Despite Violence, Kyrgyzstan Approves Constitution
RENEE MONTAGNE, host:
This is MORNING EDITION from NPR News. Good morning. I'm Renee Montagne.
MARY LOUISE KELLY, host:
And I'm Mary Louise Kelly.
The Central Asian nation of Kyrgyzstan still has wounds from a burst of ethnic violence earlier this month. But in a display of optimism yesterday, several million Kyrgy citizens cast ballots to approve a new constitution. There were those who argued the country couldnt possibly hold a vote in the midst of a refugee crisis.
Tens of thousands of ethnic Uzbeks, who are a minority, fled the fighting and remain homeless, but even some of them found a way to vote. NPR's David Greene reports.
DAVID GREENE: A hospital bed isn't usually where you go to cover an election. But there was something symbolic about Aterbic Kutchkono's(ph) determination to cast a ballot.
Mr. ATERBIC KUTCHKNO: (Foreign language spoken)
GREENE: The 34-year-old father of three was shot in the stomach during the ethnic clashes on June 12th and he's been in the hospital since. Yesterday, a nurse brought a ballot to his bedside. One simple question: Does he support the new constitution? He marked yes, folded the paper, and dropped it in the box beside his IV drip.
Mr. KUTCHKNO: (Through translator): This vote was very important to all of us, to the country. I trust our new government. If they keep their word, then we'll have a parliamentary republic we can support. But if it goes the old way, people will again have to rise.
GREENE: The old way in Kyrgyzstan means having a leader who's seen as authoritarian and corrupt. That was the case with the last president, Kurmanbek Bakiyev, and people rose up in April to drive him from power in a bloody coup. This began a turbulent period and many suspect Bakiyev supporters stoked the ethnic violence a few weeks ago. Despite raw emotions, the fragile interim government here pushed ahead with yesterday's vote. That included getting ballots to patients still recovering in the torn up city of Osh.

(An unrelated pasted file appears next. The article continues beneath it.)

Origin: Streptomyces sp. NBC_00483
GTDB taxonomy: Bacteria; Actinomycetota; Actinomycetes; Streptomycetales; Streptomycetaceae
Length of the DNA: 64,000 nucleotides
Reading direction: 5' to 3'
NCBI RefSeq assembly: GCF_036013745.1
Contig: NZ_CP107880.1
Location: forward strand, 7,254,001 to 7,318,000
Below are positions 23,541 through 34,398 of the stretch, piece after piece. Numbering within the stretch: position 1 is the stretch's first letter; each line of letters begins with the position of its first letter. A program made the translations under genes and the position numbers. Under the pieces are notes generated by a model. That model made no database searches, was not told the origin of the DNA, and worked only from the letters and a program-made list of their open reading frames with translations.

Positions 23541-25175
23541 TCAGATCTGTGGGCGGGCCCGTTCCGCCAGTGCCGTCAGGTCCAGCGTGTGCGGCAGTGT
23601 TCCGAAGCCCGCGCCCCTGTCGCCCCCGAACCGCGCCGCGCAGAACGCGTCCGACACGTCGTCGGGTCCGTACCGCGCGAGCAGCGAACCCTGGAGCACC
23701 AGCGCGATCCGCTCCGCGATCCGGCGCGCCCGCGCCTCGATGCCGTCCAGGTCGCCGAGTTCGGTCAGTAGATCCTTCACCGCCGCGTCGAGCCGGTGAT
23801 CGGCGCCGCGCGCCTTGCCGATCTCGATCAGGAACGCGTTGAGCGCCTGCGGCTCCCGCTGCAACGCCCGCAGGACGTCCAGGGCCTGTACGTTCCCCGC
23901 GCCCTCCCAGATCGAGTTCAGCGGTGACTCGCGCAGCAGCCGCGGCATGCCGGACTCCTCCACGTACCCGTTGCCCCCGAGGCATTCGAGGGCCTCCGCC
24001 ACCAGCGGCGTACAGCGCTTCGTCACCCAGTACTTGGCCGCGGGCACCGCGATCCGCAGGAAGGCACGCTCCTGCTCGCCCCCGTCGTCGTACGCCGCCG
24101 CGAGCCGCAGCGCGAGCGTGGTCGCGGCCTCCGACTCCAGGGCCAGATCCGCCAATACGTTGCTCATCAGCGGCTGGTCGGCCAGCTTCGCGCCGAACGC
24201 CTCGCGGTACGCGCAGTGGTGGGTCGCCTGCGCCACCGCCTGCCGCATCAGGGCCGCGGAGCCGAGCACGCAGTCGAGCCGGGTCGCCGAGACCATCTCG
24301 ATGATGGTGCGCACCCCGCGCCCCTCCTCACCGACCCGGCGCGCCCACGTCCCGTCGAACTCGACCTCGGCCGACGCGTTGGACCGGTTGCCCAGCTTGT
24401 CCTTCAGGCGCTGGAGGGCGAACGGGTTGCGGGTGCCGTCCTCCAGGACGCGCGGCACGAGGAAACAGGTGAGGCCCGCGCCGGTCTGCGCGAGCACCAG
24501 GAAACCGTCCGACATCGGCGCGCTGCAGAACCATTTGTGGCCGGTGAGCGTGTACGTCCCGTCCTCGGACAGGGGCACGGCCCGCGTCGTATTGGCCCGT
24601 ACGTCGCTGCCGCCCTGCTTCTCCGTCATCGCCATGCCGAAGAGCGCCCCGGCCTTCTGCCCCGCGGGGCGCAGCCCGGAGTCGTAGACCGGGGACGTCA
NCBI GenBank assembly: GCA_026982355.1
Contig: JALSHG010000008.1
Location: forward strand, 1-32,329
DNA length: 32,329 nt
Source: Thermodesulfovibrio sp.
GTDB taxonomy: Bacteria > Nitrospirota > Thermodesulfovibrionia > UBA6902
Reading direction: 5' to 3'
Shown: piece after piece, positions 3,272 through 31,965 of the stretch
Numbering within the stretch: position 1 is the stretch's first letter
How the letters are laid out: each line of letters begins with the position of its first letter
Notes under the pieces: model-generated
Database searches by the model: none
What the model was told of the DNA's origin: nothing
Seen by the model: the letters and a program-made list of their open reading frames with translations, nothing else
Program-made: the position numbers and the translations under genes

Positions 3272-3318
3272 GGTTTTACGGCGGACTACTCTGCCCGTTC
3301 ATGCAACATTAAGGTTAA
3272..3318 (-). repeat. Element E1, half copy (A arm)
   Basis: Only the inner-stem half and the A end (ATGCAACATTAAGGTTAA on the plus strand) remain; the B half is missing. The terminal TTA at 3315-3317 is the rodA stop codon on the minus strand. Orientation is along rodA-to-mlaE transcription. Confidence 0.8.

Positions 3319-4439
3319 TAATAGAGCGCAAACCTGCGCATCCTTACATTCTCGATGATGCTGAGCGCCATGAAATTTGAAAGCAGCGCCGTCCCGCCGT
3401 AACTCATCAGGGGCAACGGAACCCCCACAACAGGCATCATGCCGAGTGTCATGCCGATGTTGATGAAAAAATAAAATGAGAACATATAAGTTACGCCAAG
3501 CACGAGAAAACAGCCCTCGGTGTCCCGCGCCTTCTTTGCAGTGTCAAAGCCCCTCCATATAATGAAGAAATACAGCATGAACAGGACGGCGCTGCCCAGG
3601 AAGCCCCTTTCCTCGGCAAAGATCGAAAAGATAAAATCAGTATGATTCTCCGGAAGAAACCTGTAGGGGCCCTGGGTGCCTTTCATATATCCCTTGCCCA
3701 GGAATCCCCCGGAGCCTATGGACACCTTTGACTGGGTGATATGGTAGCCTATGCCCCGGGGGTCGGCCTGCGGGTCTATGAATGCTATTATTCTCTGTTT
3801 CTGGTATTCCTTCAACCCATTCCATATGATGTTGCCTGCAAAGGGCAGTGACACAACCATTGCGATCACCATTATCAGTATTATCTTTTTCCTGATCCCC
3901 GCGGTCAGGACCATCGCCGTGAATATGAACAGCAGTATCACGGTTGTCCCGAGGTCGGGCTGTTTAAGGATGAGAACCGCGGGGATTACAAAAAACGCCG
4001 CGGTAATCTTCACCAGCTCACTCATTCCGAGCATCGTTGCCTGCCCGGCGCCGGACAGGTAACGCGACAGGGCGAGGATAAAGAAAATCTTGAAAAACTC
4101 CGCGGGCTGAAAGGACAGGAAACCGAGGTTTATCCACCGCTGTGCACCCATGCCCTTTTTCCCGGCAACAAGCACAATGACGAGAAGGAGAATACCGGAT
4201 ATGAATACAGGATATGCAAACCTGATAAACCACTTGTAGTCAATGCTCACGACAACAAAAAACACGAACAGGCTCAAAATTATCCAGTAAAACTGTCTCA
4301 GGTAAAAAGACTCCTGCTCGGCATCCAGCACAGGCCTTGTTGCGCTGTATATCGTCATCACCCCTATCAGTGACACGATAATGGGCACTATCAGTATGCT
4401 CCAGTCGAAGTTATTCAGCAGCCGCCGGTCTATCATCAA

Mr. MAHMOUD YALDOSHOF: (Foreign language spoken)
GREENE: Forty-two victims of the violence died here in this hospital, but doctors say nearly all of the several hundred remaining patients cast ballots, including a 31-year-old baker named Mahmoud Yaldoshof(ph). The Uzbek man was shot by a sniper during the ethnic violence, yet he insisted, in general, ethnic Uzbeks and Kyrgyz get along, including right here in this hospital room, which he was sharing with Kyrgyz patients.
Mr. YALDOSHOF: (Foreign language spoken)
GREENE: If the new constitution can give people confidence, he said, maybe there'll be less suspicion between Kyrgyz and Uzbeks, relations are going to improve, Yaldoshof said. He insisted politics, not ethnic hatred, caused the recent violence. He added, the ones to blame will be found.
Yaldoshof joined more than two-thirds of the country's 2.7 million eligible voters who cast ballots yesterday. Earlier results issued by the government suggest 90 percent favored the new constitution. The document weakens the power of the president and shifts authority to parliament and to a prime minster.
Kyrgyzstan becomes Central Asia's first parliamentary democracy and elections are scheduled for this fall. For now, the constitution allows acting President Roza Otunbayeva to form a legislative assembly and get to work.
Ms. DELIA MOMAJANAVA(ph): (Foreign language spoken)
GREENE: A visit to the Cheriumesky(ph) neighborhood in Osh showed just how much work remains. Voters filed into a school to vote, but many homes in this predominantly Uzbek neighborhood are burnt to the ground. Election officials created temporary documents for Uzbeks who lost their passports in their torched homes. While many refugees have returned, this neighborhood was quiet. This woman, Delia Momajanava, has returned to Cheriumesky and she's staying with friends.
Ms. MOMAJANAVA: (Foreign language spoken)
GREENE: I voted for this constitution, she said. I voted for peace. Then she looked out to the street.
Ms. MOMAJANAVA: (Through translator) Our house burnt down, so I don't know what will happen to us. How can one not be afraid? They burnt everything and there's nobody here.
GREENE: Another voter, 39-year-old Gunora Albutnerakmanava(ph), said we want stability and we want to live the way we lived before.
There was something encouraging about this Kyrgyz woman, being out to vote in this predominately Uzbek neighborhood. But then she walked quickly towards a van with a group of men.
Ms. GUNORA ALBUTNERAKMANAVA: (Foreign language spoken)
GREENE: They drove me here with bodyguards, she said. I was afraid to come.
David Greene, NPR News, Osh, Kyrgyzstan.